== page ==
"Rattigan," I said. "I thought I knew her." "Hell." Crumley laughed gently. "You don't know anyone. You'll never write the great American novel, because you don't know shoats from shinola. You overestimate character where there is none, so you upchuck fairy princes, virgin milkmaids. Most writers can't even do that, so you go with your taffy pulls, thirteen to the dozen. Let those realists scoop dog doo."

I remained silent.

"Know what your problem is?" Crumley barked, and then softened his voice. "You love people not worth loving."

"Like you, Crum?"

He glanced over cautiously.

"Oh, I'm okay," he admitted. "I've more holes than a sieve, but I haven't fallen through. Hold on!" Crumley hit the brakes. "The pope's home away from home!"

I looked out at St. Vibiana's Cathedral in the midst of the slow-motion desolation of long-dead Skid Row.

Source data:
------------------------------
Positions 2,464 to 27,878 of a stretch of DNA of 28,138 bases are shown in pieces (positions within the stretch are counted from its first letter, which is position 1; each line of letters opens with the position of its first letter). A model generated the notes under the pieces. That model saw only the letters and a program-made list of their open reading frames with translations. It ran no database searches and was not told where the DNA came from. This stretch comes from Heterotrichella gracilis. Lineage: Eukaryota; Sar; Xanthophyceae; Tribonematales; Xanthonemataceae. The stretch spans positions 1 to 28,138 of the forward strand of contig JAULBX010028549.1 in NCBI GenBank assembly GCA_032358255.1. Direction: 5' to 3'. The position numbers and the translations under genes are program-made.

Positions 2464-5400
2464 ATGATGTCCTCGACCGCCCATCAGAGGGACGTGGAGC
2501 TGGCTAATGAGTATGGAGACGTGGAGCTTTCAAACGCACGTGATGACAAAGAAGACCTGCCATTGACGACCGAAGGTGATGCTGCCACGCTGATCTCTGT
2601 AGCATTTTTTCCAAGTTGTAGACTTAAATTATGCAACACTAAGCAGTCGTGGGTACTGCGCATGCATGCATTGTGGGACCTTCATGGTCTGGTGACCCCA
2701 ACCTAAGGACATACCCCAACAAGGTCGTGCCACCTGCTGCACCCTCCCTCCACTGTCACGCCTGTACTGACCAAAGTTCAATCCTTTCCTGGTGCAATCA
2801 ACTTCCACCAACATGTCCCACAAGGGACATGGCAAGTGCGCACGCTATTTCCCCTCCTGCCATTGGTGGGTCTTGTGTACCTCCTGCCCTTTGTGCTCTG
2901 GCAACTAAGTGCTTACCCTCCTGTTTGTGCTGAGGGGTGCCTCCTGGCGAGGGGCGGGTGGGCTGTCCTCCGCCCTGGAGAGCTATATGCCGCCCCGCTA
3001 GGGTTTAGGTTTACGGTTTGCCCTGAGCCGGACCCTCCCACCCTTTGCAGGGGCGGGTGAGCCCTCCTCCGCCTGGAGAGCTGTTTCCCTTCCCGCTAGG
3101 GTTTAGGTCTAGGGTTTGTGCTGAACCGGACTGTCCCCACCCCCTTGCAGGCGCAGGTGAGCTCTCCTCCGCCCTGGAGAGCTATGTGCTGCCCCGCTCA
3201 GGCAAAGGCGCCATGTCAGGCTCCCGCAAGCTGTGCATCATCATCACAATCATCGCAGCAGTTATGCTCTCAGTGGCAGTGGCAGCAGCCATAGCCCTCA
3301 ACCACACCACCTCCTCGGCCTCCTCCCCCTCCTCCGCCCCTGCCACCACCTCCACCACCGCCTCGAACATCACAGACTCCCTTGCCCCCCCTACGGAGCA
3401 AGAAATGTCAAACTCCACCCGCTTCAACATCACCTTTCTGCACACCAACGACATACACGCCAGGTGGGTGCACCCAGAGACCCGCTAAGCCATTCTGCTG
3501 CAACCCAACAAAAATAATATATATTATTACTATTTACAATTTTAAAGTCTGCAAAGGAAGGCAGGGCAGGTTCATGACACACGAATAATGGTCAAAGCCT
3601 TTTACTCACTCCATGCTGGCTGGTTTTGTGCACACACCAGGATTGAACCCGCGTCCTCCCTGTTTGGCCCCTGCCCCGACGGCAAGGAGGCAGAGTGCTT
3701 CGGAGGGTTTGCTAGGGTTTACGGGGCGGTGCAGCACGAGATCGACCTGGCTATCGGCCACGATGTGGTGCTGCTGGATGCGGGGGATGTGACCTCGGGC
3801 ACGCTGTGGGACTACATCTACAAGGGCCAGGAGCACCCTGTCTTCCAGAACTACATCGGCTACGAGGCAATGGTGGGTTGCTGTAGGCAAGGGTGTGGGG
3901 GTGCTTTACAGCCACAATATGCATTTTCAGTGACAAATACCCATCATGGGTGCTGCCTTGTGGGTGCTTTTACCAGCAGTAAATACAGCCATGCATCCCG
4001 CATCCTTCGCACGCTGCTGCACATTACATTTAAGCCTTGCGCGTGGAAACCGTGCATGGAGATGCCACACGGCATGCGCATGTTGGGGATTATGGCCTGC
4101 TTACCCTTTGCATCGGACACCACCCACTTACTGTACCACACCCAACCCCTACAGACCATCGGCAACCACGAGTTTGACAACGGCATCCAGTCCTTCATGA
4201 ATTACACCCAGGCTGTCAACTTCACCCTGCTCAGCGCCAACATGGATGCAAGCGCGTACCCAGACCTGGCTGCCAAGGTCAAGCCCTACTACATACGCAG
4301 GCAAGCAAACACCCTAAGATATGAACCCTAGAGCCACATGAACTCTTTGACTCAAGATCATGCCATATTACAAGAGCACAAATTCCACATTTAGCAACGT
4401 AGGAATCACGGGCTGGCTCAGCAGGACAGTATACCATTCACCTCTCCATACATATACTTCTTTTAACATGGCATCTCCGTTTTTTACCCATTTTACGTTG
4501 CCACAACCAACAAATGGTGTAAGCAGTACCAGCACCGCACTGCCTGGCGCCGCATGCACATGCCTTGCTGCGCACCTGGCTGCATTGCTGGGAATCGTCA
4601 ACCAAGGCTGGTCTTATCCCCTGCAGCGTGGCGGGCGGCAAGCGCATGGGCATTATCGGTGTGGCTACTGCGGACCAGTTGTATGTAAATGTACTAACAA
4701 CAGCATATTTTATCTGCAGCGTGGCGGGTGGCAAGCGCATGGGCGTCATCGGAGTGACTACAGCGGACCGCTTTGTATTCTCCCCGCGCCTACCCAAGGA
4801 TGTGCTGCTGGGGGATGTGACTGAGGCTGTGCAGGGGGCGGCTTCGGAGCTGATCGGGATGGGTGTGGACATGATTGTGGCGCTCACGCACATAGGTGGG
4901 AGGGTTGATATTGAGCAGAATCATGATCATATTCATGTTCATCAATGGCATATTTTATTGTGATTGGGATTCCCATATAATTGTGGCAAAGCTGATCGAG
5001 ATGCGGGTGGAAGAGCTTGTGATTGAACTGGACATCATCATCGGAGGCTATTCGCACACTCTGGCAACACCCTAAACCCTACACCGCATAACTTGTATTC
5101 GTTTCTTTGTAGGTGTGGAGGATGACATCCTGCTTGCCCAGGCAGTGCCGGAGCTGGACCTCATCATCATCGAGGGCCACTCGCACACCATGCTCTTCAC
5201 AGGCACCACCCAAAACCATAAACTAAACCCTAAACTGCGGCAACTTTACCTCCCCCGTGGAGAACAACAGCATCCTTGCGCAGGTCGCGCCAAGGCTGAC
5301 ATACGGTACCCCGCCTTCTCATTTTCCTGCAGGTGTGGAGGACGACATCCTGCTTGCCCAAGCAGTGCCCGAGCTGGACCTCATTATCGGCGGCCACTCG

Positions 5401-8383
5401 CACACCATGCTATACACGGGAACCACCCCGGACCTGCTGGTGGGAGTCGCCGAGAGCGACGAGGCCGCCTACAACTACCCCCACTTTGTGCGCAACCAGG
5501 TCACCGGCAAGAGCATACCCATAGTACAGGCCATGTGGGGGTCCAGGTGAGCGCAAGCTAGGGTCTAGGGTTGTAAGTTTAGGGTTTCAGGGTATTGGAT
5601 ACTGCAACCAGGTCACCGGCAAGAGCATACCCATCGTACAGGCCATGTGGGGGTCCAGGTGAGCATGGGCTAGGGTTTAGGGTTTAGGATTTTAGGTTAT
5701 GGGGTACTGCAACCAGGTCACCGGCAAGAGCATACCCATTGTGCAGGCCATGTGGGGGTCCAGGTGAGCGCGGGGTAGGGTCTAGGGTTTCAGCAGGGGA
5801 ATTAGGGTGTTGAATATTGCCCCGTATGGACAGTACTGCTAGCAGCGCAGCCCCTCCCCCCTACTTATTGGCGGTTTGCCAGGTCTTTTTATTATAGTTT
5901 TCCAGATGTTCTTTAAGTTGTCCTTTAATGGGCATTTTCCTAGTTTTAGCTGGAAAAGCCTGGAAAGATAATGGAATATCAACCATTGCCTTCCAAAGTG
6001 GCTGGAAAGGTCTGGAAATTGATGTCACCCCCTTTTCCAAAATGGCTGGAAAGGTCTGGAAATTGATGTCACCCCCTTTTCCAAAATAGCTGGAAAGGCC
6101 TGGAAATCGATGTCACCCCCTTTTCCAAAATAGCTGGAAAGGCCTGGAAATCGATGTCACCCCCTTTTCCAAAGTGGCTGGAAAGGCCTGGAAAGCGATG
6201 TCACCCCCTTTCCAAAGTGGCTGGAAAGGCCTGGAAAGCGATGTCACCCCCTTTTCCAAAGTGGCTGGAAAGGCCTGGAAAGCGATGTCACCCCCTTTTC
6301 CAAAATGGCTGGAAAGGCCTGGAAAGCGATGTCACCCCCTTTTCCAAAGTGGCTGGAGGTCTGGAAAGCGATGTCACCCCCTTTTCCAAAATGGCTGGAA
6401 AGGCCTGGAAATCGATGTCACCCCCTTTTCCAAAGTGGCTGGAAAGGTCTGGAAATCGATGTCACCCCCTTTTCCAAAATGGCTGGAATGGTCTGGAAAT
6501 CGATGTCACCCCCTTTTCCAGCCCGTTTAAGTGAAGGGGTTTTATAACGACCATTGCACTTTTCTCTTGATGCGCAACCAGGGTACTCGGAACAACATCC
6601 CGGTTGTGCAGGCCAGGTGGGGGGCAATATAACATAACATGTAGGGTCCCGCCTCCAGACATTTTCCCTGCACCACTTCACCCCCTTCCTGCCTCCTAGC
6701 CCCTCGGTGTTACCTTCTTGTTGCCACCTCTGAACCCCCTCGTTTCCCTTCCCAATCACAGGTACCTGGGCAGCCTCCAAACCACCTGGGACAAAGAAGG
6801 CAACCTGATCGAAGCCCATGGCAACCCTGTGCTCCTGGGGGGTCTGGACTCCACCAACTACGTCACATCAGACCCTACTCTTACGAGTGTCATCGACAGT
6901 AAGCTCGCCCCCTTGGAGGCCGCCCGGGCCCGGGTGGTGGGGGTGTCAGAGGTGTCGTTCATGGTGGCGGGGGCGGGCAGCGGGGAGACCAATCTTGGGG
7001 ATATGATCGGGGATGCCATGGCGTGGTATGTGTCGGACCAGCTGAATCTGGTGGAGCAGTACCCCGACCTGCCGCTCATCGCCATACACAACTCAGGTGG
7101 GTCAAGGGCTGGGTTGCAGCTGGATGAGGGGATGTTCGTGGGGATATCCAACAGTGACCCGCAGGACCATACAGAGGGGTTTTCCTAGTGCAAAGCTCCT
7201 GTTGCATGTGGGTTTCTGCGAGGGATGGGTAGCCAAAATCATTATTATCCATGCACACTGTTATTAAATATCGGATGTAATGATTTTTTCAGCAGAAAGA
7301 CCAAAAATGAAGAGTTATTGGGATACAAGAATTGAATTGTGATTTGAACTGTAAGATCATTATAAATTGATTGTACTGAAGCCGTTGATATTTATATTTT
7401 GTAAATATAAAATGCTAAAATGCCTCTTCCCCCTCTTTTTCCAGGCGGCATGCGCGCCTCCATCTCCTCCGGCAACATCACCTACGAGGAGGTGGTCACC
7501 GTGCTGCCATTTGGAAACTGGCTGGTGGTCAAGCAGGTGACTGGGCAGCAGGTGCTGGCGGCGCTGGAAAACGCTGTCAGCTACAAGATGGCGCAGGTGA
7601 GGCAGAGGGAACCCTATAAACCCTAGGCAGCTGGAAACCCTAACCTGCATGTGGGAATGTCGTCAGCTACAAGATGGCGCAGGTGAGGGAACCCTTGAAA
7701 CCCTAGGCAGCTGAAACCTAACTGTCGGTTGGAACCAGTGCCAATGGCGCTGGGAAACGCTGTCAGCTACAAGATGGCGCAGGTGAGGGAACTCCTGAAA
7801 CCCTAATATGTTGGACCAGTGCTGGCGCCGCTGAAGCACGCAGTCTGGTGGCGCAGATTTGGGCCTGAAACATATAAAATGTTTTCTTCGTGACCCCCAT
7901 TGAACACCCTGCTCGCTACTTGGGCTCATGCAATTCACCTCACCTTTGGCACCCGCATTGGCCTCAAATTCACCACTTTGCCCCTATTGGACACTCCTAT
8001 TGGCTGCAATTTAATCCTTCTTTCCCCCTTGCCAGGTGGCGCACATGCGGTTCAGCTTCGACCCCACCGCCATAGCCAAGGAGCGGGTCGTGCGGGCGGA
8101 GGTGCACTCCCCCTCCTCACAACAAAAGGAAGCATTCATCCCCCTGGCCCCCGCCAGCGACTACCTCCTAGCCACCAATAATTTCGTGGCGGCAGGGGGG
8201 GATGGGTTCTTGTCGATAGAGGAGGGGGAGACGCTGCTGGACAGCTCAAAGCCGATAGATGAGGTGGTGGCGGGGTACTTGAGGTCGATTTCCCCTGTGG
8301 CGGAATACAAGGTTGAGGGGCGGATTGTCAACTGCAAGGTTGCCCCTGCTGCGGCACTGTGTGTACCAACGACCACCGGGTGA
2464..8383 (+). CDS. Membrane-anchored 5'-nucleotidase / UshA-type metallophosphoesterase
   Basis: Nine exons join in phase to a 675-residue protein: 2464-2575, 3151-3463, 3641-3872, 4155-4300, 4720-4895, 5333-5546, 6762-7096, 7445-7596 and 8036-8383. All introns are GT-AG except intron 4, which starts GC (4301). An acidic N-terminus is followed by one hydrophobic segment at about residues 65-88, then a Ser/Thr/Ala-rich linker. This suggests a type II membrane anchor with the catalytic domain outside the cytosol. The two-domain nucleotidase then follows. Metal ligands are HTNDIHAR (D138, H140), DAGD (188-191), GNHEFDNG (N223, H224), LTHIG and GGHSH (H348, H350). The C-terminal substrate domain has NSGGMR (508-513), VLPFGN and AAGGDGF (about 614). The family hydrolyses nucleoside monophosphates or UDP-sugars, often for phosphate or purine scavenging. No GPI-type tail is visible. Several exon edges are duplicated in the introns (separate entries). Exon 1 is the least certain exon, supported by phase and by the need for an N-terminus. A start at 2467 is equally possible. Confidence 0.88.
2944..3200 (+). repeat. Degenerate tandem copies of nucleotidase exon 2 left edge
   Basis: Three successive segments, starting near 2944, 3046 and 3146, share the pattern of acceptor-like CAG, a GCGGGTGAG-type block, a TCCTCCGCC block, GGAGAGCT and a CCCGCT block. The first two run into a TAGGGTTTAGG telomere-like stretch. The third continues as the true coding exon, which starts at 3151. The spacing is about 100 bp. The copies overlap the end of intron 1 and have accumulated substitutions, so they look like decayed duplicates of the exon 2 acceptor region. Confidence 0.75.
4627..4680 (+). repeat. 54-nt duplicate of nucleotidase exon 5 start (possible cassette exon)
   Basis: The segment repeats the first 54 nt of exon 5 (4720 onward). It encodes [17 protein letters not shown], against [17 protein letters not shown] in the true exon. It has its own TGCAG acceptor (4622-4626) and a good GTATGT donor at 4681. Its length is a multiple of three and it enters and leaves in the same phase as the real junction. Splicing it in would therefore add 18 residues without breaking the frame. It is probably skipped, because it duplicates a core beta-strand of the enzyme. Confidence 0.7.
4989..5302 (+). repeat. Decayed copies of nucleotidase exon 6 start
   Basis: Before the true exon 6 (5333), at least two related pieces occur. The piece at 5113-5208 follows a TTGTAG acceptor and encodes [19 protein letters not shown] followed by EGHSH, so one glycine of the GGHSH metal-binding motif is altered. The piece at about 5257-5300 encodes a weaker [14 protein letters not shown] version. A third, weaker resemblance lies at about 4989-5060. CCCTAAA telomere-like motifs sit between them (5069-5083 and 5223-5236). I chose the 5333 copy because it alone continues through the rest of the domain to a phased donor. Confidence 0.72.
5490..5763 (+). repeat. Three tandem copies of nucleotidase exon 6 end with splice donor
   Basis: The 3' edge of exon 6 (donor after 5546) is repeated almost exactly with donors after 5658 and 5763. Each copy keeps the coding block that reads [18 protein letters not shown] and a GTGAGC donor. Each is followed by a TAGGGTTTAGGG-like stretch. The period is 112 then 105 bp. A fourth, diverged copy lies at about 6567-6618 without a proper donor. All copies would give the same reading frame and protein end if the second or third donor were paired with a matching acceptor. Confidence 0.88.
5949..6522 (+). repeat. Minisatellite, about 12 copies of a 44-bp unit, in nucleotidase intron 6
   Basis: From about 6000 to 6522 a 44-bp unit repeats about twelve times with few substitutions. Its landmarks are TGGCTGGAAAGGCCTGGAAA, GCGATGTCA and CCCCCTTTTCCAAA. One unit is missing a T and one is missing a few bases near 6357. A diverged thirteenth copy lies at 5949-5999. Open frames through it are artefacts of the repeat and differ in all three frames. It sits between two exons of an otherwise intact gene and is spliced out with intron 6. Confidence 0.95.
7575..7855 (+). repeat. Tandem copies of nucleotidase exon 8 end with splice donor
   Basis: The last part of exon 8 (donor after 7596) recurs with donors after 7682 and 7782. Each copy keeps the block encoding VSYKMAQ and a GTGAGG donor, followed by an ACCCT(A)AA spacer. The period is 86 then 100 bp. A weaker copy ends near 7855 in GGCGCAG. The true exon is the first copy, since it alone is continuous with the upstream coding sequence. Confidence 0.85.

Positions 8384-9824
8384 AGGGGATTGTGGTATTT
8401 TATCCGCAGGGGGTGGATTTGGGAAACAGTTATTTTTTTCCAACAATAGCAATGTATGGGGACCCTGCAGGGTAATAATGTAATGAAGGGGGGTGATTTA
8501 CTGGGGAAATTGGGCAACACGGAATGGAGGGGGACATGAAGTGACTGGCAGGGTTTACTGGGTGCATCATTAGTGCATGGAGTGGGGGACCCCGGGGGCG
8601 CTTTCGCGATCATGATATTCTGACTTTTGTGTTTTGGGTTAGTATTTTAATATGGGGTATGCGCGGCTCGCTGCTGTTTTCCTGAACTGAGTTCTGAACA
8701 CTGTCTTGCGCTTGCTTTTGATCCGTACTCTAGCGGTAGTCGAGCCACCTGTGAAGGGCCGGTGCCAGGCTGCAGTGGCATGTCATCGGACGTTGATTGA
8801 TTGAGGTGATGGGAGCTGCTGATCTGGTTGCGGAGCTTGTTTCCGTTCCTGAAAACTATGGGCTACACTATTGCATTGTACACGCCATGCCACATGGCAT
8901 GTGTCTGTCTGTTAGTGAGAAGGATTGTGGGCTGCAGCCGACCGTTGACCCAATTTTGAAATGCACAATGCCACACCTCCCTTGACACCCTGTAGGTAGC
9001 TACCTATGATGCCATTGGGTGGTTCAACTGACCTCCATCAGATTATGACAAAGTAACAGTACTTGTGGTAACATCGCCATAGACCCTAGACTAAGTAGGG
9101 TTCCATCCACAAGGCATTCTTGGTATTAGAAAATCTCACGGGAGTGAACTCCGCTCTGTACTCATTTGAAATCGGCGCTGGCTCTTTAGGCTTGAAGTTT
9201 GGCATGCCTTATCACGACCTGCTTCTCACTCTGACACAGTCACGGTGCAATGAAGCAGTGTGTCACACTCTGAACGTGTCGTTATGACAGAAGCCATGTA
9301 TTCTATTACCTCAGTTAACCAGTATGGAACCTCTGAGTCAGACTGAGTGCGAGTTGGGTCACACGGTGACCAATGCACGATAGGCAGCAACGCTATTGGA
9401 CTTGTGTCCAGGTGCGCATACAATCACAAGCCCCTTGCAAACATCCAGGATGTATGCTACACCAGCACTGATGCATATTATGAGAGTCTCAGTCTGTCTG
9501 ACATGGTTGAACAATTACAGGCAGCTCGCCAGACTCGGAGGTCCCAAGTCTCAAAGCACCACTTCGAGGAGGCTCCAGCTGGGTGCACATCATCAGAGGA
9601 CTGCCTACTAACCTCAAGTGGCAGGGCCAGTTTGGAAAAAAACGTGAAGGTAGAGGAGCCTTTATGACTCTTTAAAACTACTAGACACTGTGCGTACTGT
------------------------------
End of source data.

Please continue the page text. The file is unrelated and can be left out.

"Jesus," I said, "would have built here. You coming in?"

"Hellfires, no! I was kicked outta confession, age twelve, when I skinned my knees on wild women."

"Will you ever take Communion again?"

"When I die. Hop out, buster. From Queen Califia to the Queen of Angels."

I climbed out.

"Say a Hail Mary for me," Crumley said.


INSIDE the cathedral it was empty, just after noon, and just one penitent was waiting by the confessional when a priest arrived and beckoned her in.

His face confirmed I was in the right place.

When the woman left, I ducked in the other side of the confessional, tongue-tied.

A shadow moved in the lattice window.

"Well, my son?"

"Forgive me, Father," I blurted out. "Califia."

The other confessional door banged wide with a curse. I opened my door. The priest reared as if I had shot him.

It was Rattigan Deja Vu. Not svelte in ninety-five pounds of suntanned seal-brown flesh, but marrowed in a wire-coat-hanger skeleton-thin Florentine Renaissance priest. Constance's bones hid there, but the flesh skinned over the bones was skull pale, the priest's lips were ravenous for salvation, not bed and sinful breakfasts. Here was Savonarola begging God to forgive his wild perorations, and God silent, with Constance's ghost burning from his eyes, and peering from his skull.

Father Rattigan, riven, found me harmless save for that word, jerked his head toward the vestry, led me in, and shut the door.

"You her friend?"

"No, sir."